Blood Transfusions

If you have beta thalassemia major, you'll need blood transfusions every 2 to 4 weeks to raise the number of your red blood cells. Some people with this type of beta thalassemia need transfusions only at certain times, such as when they have an illness or infection.

During a transfusion, a nurse gives you blood from a donor by placing a small plastic tube into one of your veins. The process takes 1 to 4 hours at your doctor's office or a clinic.

Technicians carefully test the blood used in transfusions to prevent you from getting hepatitis or other diseases. For extra protection, your child will need to get the full three doses of hepatitis B vaccines before they can have a blood transfusion.

Chelation Therapy

The blood cells you get during a transfusion have a lot of iron. After you have many transfusions, iron can build up in your body. Beta thalassemia also makes your body absorb extra iron from food. All that extra iron can damage organs like your heart and liver.

Chelation therapy is a treatment that removes the additional iron from your body. You'll get a pill or shot of a medicine like deferasirox (Exjade, Jadenu), deferiprone (Ferriprox), or deferoxamine (Desferal). These drugs bind to iron in your body, which then leaves your body when you pee or have a bowel movement.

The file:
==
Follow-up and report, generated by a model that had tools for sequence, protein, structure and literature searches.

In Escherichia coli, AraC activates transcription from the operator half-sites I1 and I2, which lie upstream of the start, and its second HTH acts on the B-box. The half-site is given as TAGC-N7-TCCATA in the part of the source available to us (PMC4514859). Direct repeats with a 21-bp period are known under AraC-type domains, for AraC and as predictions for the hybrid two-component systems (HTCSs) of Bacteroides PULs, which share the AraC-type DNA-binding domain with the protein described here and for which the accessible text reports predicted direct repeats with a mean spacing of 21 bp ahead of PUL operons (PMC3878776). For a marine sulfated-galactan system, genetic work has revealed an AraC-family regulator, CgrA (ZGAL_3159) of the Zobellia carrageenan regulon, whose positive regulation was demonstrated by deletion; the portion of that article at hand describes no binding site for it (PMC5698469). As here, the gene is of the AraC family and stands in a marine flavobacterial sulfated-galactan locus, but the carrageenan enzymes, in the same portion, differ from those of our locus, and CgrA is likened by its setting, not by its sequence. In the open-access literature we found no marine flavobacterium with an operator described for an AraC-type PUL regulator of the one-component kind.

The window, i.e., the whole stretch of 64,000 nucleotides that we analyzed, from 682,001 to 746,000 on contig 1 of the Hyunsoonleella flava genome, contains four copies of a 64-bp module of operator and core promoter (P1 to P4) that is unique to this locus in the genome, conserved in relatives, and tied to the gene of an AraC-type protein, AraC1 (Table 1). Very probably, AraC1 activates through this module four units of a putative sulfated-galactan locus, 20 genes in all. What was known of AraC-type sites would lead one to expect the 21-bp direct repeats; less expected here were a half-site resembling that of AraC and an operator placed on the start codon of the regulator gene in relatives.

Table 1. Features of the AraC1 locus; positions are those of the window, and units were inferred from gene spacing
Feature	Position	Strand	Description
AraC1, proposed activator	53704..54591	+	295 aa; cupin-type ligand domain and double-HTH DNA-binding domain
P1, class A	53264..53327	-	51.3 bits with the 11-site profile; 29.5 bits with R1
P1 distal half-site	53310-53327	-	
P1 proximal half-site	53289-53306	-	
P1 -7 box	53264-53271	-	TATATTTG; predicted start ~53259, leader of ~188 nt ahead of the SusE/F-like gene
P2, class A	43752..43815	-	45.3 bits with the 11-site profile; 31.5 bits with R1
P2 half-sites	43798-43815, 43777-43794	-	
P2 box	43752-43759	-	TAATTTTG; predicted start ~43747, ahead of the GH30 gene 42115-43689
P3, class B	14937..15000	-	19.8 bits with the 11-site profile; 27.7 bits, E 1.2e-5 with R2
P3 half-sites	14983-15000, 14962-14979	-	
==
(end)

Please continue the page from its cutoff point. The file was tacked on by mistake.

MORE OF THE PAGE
Spleen Removal Surgery

Your spleen filters blood cells. In beta thalassemia, too much iron and too many abnormal red blood cells can collect in that organ and make it swell. An enlarged spleen can cause your hemoglobin levels to drop even lower, plus lower the number of blood cells called platelets that help your blood clot.

The main treatment for an enlarged spleen is surgery to remove the spleen, called a splenectomy. It can improve some symptoms of beta thalassemia, but it has risks.

Your doctor will weigh the decision to remove your spleen carefully. Doctors avoid this surgery in children under age 5 because kids are at higher risk for a very serious blood infection called sepsis.